Sunday, October 04, 2015

The Figure in an Urban Setting

“I think that every picture should tell a story
and I think if a picture doesn't tell a story then it's not a picture
Archibald Motley

Twenty eight years after determining to become an artist, Archibald Motley became the first African-American artist to have a solo exhibition in New York City. The Chicago based Motley was a nine year old when he decided upon becoming a painter.

As he explained in his Smithsonian oral historyI just felt it was the only thing I could do; I couldn't do anything else.”

In 1914, as a 23 year old, Motley became one of the four black students at the Art Institute of Chicago where he embarked upon the traditional formal art education prevalent at the time with its emphasis on portraiture and the nude. But the forward thinking Motley embraced the compositional challenges of multi figure scenes.

As he said “Composition was the thing that I was more interested in than anything else because I felt that I could build up more paintings in composition and more salable things than I could with portraits and nudes… And I found composition got so intriguing, so very interesting to compose something in your mind, your imagination and build it up and make something out of it.”

And it was a premonition that proved to be true. Upon graduation Motley started out painting portraits but eventually switched to chronicling the African-American experience.

About which he told the Smithsonian’s Dennis Barrie “I first started doing portraits as I told you, you know, my grandmother there, my mother, these people that I met on the outside, strangers that I painted, and some friends. Then I found, too, that in the Negro race, or colored race as I call it, they didn't have the money to pay for commissioned portraits. Of course, the white artists had all the white clientele all tied up. They wouldn't come to me, you know, some of these big people that have money, they'd go to their friends, somebody white. So I figured I had learned a heck of a lot about composition. Why not paint compositions and pictures that people will buy regardless of race, color or creed? So it was only that drove me --well, it didn't drive me into painting compositions because I always liked composition. Then I started doing a lot of compositions. I found that they were salable and I didn't have [to employ] a model.”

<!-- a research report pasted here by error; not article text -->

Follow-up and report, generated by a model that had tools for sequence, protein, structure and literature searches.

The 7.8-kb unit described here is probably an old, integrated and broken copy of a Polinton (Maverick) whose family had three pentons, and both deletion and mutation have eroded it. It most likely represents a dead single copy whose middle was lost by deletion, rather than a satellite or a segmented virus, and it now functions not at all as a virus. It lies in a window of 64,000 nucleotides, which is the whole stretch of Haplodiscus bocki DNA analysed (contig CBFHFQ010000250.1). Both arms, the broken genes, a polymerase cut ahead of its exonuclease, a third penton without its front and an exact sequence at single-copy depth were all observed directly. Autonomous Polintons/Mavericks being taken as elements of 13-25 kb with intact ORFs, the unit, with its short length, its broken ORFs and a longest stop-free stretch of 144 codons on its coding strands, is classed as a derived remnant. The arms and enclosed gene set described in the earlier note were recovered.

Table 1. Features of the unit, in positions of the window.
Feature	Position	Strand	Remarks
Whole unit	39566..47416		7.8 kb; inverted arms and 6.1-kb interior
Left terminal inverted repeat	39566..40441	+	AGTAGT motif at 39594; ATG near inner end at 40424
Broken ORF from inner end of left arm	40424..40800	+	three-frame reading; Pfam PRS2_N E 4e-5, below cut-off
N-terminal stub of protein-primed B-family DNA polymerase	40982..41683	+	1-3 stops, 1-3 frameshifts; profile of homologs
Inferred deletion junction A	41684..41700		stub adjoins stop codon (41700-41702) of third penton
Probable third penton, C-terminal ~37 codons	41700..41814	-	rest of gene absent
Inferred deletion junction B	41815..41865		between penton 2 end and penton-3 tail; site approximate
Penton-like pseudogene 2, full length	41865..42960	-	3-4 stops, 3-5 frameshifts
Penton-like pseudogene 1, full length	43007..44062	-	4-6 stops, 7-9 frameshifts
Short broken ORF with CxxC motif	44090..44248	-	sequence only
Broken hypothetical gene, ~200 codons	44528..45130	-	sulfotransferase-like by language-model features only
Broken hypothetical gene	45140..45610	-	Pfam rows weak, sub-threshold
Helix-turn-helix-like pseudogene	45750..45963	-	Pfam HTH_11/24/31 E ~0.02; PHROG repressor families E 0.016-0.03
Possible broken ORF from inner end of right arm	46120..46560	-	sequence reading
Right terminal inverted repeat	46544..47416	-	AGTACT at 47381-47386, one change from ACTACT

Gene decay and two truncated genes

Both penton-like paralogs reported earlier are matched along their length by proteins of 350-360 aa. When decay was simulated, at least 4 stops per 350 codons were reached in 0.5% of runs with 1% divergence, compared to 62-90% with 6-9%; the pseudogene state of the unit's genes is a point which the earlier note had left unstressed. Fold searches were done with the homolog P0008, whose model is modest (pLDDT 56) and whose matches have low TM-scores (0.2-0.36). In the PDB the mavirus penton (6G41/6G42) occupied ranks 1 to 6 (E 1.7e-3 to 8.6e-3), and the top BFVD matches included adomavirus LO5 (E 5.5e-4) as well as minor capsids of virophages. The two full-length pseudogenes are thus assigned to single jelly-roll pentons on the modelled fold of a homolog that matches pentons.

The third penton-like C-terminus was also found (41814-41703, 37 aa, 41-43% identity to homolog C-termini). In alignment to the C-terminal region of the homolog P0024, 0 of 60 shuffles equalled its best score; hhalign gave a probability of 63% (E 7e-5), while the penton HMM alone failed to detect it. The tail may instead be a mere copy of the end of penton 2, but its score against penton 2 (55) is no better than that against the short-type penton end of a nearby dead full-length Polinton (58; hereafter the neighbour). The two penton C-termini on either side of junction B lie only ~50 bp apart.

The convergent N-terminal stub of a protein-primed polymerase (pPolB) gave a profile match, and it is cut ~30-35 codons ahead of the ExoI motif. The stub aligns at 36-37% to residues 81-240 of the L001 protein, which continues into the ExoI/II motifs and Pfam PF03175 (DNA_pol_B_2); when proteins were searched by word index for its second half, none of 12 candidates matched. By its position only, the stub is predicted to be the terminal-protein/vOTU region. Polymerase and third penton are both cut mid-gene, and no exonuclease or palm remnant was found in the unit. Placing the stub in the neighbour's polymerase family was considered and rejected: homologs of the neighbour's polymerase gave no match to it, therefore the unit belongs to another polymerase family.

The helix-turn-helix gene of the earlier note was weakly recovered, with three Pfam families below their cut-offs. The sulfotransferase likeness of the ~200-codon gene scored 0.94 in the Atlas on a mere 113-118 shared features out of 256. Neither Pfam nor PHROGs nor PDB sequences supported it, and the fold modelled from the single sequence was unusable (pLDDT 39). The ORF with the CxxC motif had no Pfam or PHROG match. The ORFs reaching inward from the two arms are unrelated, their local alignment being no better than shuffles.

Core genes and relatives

The success of Motley’s New York exhibition, he sold 22 to the 26 hung works, saw him awarded a Guggenheim Fellowship the following year that allowed Motley to spend all of 1929 in France. Apart from producing 12 paintings whilst in Paris, Motley spent a lot of time at the Louvre studying the European old masters.

About which he said “Oh, I spent so much time there! That was my biggest inspiration. The biggest thing I ever wanted to do in art was to paint like the old masters… You've got to study a painting a long time to realize what the artist really is doing. Light is very, very important. I used to go to the Louvre and study, I studied all the old masters very carefully. You know, what we call "in" painting, the passages of tones.

It was study that served him well as one of the first African-American artists to portray the characters from the diverse racial backgrounds and social classes that people America’s Black urban neighborhoods.

As he has said "They're not all the same color, they're not all black, they're not all, as they used to say years ago, high yellow, they're not all brown. I try to give each one of them character as individuals. And that's hard to do when you have so many figures to do, putting them all together and still have them have their characteristics."

New York’s Whitney Museum has the exhibition Archibald Motley: Jazz Age Modernist on show until the 17th of January next year.

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